The Werewolf of New York: A Supernatural Law Book

The Werewolf of New York: A Supernatural Law Book

I was surprised to see a new Supernatural Law collection. Frankly, the Batton Lash series had fallen off my radar when it went digital. Batton Lash put out a book, The Monsters Meet on Court Street, last year, but that was a reprint of issues from 2003 and 2004.

The Werewolf of New York, in contrast, is a full-length color story new to print readers (although it was previously published in webcomic form). The storytelling, though, is the same as always — old-fashioned, determined pacing, somewhat stodgy, with groaner jokes and an overuse of exposition. Lash hasn’t totally dropped serialization, either. While the main plot, about a guy who becomes a werewolf, is complete in this book, a subplot about an old friend of Alanna Wolff’s isn’t resolved. We’re left wondering who he is and what he wants.

Leon Reed is the title character, a client who starts the story by wanting to enter rehab for his lycanthropy as part of a plea bargain. However, an activist group, People for the Rights, Interests, and Concerns of Shapeshifters, gets involved by trying to have Leon accept his nature. They think werewolfism is something to be cherished instead of a monstrous state to be avoided.

The Werewolf of New York: A Supernatural Law Book

That the group can be, and frequently is, referred to as PRICS is indicative of the Borscht Belt-style humor of the book. In terms of plot, I found the storytelling alternately muddled and slow enough to be boring. Then I stopped to think about what the story might be saying. Is there an analogy to be made to groups that attempt to “convert” homosexuals? I hope not, since no matter which way I spin it, that comparison doesn’t come out well. Perhaps I’m just imagining things.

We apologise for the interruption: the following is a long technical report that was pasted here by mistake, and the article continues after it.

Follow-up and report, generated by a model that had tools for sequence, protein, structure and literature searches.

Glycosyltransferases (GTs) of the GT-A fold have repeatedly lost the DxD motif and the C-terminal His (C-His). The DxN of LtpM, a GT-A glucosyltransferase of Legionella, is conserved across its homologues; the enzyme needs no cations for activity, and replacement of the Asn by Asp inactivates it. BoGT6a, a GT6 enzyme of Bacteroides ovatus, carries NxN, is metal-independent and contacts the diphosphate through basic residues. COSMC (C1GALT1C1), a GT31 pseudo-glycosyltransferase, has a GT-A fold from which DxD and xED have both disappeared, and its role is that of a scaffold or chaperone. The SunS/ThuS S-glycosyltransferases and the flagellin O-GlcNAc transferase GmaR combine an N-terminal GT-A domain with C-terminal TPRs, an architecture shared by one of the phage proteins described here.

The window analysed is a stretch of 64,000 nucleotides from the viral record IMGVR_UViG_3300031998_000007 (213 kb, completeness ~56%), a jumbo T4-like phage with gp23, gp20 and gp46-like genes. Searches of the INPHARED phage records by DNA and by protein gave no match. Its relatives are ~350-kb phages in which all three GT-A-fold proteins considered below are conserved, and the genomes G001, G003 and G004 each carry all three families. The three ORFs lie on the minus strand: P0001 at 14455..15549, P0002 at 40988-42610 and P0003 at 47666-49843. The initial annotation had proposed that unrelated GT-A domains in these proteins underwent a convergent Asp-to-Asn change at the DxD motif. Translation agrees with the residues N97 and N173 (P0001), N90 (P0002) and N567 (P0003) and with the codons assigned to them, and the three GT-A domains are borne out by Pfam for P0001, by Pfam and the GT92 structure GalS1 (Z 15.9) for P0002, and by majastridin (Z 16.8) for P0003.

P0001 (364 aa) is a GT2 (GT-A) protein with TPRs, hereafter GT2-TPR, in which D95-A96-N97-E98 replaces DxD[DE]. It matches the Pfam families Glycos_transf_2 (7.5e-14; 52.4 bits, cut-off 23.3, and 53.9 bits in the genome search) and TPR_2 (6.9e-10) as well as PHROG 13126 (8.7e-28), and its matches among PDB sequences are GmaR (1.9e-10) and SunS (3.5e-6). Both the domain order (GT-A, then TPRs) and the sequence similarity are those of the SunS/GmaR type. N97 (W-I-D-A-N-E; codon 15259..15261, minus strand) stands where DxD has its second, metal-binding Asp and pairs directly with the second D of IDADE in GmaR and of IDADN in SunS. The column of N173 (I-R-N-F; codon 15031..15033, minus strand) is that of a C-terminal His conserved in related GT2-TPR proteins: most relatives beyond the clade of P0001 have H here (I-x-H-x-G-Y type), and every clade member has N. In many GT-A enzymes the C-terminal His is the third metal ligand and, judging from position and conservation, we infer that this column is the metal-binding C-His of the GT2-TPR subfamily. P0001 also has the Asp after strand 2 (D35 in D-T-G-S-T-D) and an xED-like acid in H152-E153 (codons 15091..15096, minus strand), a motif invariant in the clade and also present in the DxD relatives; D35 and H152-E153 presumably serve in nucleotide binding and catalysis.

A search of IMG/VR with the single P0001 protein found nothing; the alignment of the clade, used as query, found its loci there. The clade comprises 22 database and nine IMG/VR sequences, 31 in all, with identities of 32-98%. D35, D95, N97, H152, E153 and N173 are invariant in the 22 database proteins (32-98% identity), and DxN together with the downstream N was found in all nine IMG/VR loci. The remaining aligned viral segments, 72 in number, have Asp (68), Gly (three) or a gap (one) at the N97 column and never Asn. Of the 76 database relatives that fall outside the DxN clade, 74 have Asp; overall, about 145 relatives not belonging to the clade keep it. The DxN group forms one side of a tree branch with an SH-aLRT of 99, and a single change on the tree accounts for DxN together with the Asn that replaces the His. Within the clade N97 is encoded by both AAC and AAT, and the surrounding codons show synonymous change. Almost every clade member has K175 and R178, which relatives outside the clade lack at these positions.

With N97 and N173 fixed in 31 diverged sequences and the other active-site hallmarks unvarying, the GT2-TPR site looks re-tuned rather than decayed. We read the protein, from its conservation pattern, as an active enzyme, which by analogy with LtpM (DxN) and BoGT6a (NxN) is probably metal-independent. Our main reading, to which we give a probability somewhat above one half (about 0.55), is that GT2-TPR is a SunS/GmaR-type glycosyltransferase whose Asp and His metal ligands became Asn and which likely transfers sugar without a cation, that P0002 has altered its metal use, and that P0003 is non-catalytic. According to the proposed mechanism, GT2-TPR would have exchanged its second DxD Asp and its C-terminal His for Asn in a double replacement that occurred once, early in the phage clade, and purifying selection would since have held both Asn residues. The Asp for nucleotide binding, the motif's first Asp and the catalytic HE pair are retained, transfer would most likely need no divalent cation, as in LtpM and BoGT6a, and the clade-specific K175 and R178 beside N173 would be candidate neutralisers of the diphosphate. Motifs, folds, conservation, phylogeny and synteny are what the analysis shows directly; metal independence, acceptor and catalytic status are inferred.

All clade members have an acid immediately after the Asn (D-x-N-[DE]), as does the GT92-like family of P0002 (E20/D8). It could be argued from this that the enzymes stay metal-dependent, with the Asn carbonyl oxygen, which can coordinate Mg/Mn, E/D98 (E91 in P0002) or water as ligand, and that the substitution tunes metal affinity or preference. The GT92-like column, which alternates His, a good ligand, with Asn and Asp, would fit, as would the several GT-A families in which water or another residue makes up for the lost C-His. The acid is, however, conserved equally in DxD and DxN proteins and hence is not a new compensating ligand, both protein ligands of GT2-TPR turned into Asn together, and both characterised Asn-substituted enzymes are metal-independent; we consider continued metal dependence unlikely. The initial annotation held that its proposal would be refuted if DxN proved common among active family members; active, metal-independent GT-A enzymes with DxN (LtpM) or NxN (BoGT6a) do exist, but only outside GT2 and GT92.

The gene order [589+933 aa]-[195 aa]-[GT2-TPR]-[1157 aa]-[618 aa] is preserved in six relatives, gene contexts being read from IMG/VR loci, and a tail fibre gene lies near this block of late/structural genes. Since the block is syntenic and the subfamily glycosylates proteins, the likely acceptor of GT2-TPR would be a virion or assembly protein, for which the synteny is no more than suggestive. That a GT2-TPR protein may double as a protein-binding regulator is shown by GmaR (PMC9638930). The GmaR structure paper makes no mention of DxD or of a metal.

Mostly, characters talk and argue a lot, without much visually exciting art. The coloring is used well, although sometimes the shading seems overdone for the caricature-style cast members. When I read the series in issue form, I liked seeing Wolff and Byrd’s other clients, but they only have two other cases here. One features a generically busty vamp trying to find a place for her senile father, who looks like Nosferatu. The other, undeveloped one was a group of “monstas” that said things like “my peeps can chill” and “we was chillin’ big on the endz”. This struck me as having some of the same problems Jar Jar’s dialect did.

Long-time fans will want to know that this book exists, but I suspect many of them already pledged the Kickstarter for a copy. I don’t know that I’d call myself one any more — I’m harder to please with so much more reading competition out there now, including series with twists on monster stories that I find fresher. Lash is to be congratulated on making it this far, though, and finding new ways to keep putting out his series. He provides an introduction that sums up the series’ history to date, and it reads like a capsule history of the comic industry, from comic strip to self-published indy comic book to trade paperback. As he gets used to writing for the trade, perhaps his stories will develop more depth and nuance suitable for the longer form.

You can find out more about all things Supernatural Law at the publisher’s website. (The publisher provided a review copy.)

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